Tuesday, January 9, 2018

4 Online Courses to help you become a better teacher

Sometimes it takes a coach to encourage you and push you to the next level. I would love to be your coach for 5 weeks this winter!

Starting at the end of January I am offering 4 unique online courses that will help you use technology more effectively and confidently in your classroom.

Each course is 5 weeks long and will be facilitated through Google Classroom.

These aren't automated courses. I will work directly with you providing suggestions, encouragement, ideas, and instruction. You will also interact with other educators in the course who will be sharing their classroom ideas.

Continuing education credit is available in most states.

Each course is $99, however I am offering a 25% discount if you register in the next few weeks!

Click the links below to view the course description, outline, FAQ, and more!

Winter Courses

Starting January 22, 2018

Teaching with Chromebooks
 Using Chromebooks with Elementary Students

Starting February 19, 2018


Not Sure? This is what other educators have said about my online courses:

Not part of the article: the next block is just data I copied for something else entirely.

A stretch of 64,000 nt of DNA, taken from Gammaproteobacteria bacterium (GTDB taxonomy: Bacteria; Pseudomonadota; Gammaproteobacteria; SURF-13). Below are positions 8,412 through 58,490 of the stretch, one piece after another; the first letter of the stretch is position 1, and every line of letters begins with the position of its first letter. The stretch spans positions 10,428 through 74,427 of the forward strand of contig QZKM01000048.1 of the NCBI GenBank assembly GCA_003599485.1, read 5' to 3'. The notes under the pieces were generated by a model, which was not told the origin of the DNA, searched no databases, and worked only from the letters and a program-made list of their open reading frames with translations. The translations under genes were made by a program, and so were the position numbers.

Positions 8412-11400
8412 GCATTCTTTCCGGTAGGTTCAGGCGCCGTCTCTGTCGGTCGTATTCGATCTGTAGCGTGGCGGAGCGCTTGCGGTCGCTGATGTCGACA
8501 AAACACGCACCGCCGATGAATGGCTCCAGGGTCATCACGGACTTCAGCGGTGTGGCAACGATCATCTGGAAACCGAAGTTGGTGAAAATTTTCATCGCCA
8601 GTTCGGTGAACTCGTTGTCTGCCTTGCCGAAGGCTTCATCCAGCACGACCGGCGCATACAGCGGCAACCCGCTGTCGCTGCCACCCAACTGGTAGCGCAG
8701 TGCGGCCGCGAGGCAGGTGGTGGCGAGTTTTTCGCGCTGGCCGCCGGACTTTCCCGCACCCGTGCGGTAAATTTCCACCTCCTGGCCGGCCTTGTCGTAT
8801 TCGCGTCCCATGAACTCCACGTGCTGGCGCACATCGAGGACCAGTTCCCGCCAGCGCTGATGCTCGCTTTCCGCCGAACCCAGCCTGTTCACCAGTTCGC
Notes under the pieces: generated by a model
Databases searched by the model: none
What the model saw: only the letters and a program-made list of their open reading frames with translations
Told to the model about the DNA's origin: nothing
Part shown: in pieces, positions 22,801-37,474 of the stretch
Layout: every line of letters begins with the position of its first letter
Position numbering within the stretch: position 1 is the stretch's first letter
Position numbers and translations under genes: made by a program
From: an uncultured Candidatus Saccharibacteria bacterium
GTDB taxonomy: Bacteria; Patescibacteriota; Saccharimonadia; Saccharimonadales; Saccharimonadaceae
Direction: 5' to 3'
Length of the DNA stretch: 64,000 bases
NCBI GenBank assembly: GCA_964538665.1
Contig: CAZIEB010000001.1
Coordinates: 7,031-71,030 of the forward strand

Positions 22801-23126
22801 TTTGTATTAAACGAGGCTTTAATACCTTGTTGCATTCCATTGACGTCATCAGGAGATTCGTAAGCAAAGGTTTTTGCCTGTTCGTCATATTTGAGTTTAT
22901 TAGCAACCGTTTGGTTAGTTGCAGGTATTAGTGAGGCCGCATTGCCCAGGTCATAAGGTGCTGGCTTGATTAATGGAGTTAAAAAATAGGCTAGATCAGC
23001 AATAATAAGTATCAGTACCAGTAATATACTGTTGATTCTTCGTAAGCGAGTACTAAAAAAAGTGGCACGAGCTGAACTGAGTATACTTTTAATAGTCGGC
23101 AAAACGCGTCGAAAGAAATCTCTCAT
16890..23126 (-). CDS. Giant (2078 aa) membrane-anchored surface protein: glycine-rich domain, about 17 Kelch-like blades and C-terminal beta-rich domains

"This course has shown me so many new ways that I can use our Chromebooks! It also showed me a lot about apps that I have used, but in new and different ways! I would definitely recommend this course to others who are new or not that familiar with Chromebooks. It has definitely changed my mind on what they are capable of providing for myself and my students." Rose Marie Warrell, Oakley, ID
"One of the most focused and practical courses I have ever done. Every aspect was expertly taught with amazing tips from someone who is clearly a very experienced educator." Michael Drucker, London England
"I have taken other courses that were just too technical and moved way to fast. Your class was perfect. I am not a "newbie" OR a "techy" but somewhere in the middle hoping to learn more every day. Your class was perfect as it was challenging enough but not overwhelming. Thank you." Mary Ann Keiser, East Hanover, NJ
Interested in future courses, but can't join this time? Add your name to the course wait list!


Monday, January 8, 2018

πŸ“ Do you teach with a paper-based mindset? πŸ“

Paper was invented around 100 BC in China.